February 24, 2011
By Darla Martin Tucker
RIVERSIDE, Calif. – (www.lasierra.edu) A quintet of top-level classical musicians will take the stage at La Sierra University next week, performing works of great composers and showcasing the talent of renowned violinist and international conductor, Scott Yoo.
The La Sierra University Chamber Series will feature a quintet of two violins, viola, cello and piano performing the works of Sergei Prokofiev, Ludwig van Beethoven and Johannes Brahms. The concert will take place at La Sierra’s Hole Memorial Auditorium, March 5, at 7 p.m. The group will consist of Yoo on violin, Jason Uyeyama, La Sierra’s director of string studies, also on violin, Valerie Malvinni, viola, Madeleine Kabat, cello, and Vadim Serebryanny, piano.
The group’s award-winning members perform regularly and have played with orchestras around the world including the Los Angeles Philharmonic, the St. Paul Chamber Orchestra, the Houston Symphony, the Boston Symphony Orchestra, the New World Symphony, the Orpheus Chamber Orchestra in New York City, symphonies in London and Tokyo and many other top ensembles.
Admission is $10 general admission; $5 senior citizens; $20 family admission; free admission for children age 12 and under. For further information call 951-785-2036. La Sierra University is located at 4500 Riverwalk Parkway, Riverside, Calif.
Yoo, who is also an acclaimed conductor of top orchestras around the world and founder of the Metamorphosen Chamber Orchestra, arrives at La Sierra through a 10-year friendship and professional collaboration with Uyeyama. The La Sierra music professor, a regular with the Los Angeles Philharmonic, began playing with Yoo’s Metamorphosen group in 2001. “As our music director, [Yoo] inspired us with his incredible conviction and unique ability to connect with audiences, not to mention his flawless violin playing,” Uyeyama said.
“We are fortunate to have Scott Yoo as a guest artist on the La Sierra University Chamber Music Series,” said Uyeyama. “For the community, and especially for our students, this is a wonderful opportunity to hear a world-class musician in an intimate setting.”
Yoo, a resident of New York, grew up in Hartford, Conn., the son of immigrants from Korea and Japan. He exhibited musical prowess early in life and began studying violin at age three. At age 12 he performed Felix Mendelssohn’s “Violin Concerto” with the Boston Symphony Orchestra. Yoo went on to win prestigious music competitions and awards. Meanwhile, he earned a Physics degree with honors from Harvard University in Boston while traveling and performing. After Harvard, Yoo founded the Metamorphosen Chamber Orchestra, conducting the ensemble’s first series at Jordan Hall in Boston and more than 90 performances on tour.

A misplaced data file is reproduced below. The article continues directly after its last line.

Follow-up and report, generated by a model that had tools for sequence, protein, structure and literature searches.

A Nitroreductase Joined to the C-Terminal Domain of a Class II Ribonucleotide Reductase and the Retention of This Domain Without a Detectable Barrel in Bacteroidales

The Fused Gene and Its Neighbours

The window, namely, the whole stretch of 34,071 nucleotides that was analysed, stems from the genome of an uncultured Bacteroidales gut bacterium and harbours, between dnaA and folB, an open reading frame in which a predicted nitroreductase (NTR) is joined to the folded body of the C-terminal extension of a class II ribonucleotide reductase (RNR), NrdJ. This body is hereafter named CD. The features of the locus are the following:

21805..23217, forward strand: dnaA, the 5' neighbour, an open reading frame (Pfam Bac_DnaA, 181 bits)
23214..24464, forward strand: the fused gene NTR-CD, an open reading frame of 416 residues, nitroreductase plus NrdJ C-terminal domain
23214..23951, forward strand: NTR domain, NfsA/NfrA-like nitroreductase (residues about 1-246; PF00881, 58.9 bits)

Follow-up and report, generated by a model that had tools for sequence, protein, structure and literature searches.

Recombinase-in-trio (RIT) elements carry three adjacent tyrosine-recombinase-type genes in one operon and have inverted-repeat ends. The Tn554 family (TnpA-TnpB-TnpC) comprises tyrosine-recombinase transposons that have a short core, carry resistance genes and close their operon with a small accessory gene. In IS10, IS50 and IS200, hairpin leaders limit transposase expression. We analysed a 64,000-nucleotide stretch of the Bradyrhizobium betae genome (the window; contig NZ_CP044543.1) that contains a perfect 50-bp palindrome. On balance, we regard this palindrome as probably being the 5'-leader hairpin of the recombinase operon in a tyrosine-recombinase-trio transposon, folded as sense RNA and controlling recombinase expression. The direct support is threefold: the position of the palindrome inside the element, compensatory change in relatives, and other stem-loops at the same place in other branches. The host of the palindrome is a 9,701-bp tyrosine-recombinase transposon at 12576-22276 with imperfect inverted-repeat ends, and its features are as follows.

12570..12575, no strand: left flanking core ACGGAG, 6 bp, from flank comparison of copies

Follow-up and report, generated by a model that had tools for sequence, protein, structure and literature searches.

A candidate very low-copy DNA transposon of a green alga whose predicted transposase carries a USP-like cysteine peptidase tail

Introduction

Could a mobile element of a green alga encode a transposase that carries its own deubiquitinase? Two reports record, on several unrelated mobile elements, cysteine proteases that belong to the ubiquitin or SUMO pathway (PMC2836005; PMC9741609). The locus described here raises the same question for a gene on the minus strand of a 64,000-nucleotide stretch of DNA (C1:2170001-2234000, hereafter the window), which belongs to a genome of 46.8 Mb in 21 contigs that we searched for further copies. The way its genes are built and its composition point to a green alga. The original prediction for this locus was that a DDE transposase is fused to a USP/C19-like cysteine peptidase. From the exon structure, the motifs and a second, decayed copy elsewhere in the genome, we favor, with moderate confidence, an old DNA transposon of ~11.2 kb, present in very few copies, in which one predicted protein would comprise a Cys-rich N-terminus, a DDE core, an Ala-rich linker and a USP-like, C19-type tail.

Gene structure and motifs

He ultimately studied violin and conducting with music’s greats including, respectively, the late Dorothy DeLay, and Michael Tilson Thomas, music director of the San Francisco Symphony.
Yoo’s conducting experiences have taken him around the world and comprise the bulk of his musical work. He is music director and principal conductor of the 39-year-old Festival Mozaic in San Luis Obispo, and in November he debuted at New York City’s Carnegie Hall conducting the St. Paul Chamber Orchestra. He also recently toured with jazz pianist Brad Mehldau, a collaboration that included a Jan. 21 concert at the Walt Disney Concert Hall in Los Angeles.
Yoo’s wide-ranging work includes guest conducting the Colorado, Dallas, Indianapolis, San Francisco and Utah symphonies, the orchestras of Hong Kong, Winnipeg and Mexico City, the City of London Sinfonia, the Seoul Philharmonic and the Yomiuri Nippon Symphony Orchestra in Tokyo. He has released recordings on Sony Classical, Delos, Arabesque, New World and Naxos labels and has collaborated with such prominent artists as Sarah Chang and Dawn Upshaw.
Yoo recounted Uyeyama’s influence with the Metamorphosen Chamber Orchestra when Uyeyama began playing in 2001. “He was just a great force in that orchestra,” said Yoo. “He made everybody better around him.”
In April, Yoo will hold a chamber music festival in Medellín, Colombia. Uyeyama will also be involved in the effort and was one of the first musicians Yoo contacted to participate in the project, Yoo said. “Jason is somebody I really rely on because he’s such a good violinist and such a good guy, and an unbelievably hard worker,” said Yoo. The festival will provide underprivileged Colombian musicians an immersive musical experience by involving them in groups of top-level players.
Yoo said he spends about 80 percent of his musical endeavors conducting, a complex activity that involves in-depth knowledge of the many moving parts of an orchestral work.
Conducting and playing violin involve interchangeable skills and use of a similar part of the brain, he said. “It’s all music.” But conductors rely completely on other musicians whereas a violinist controls only his or her own instrument, Yoo said.
PR Contact: Larry Becker
Executive Director of University Relations
La Sierra University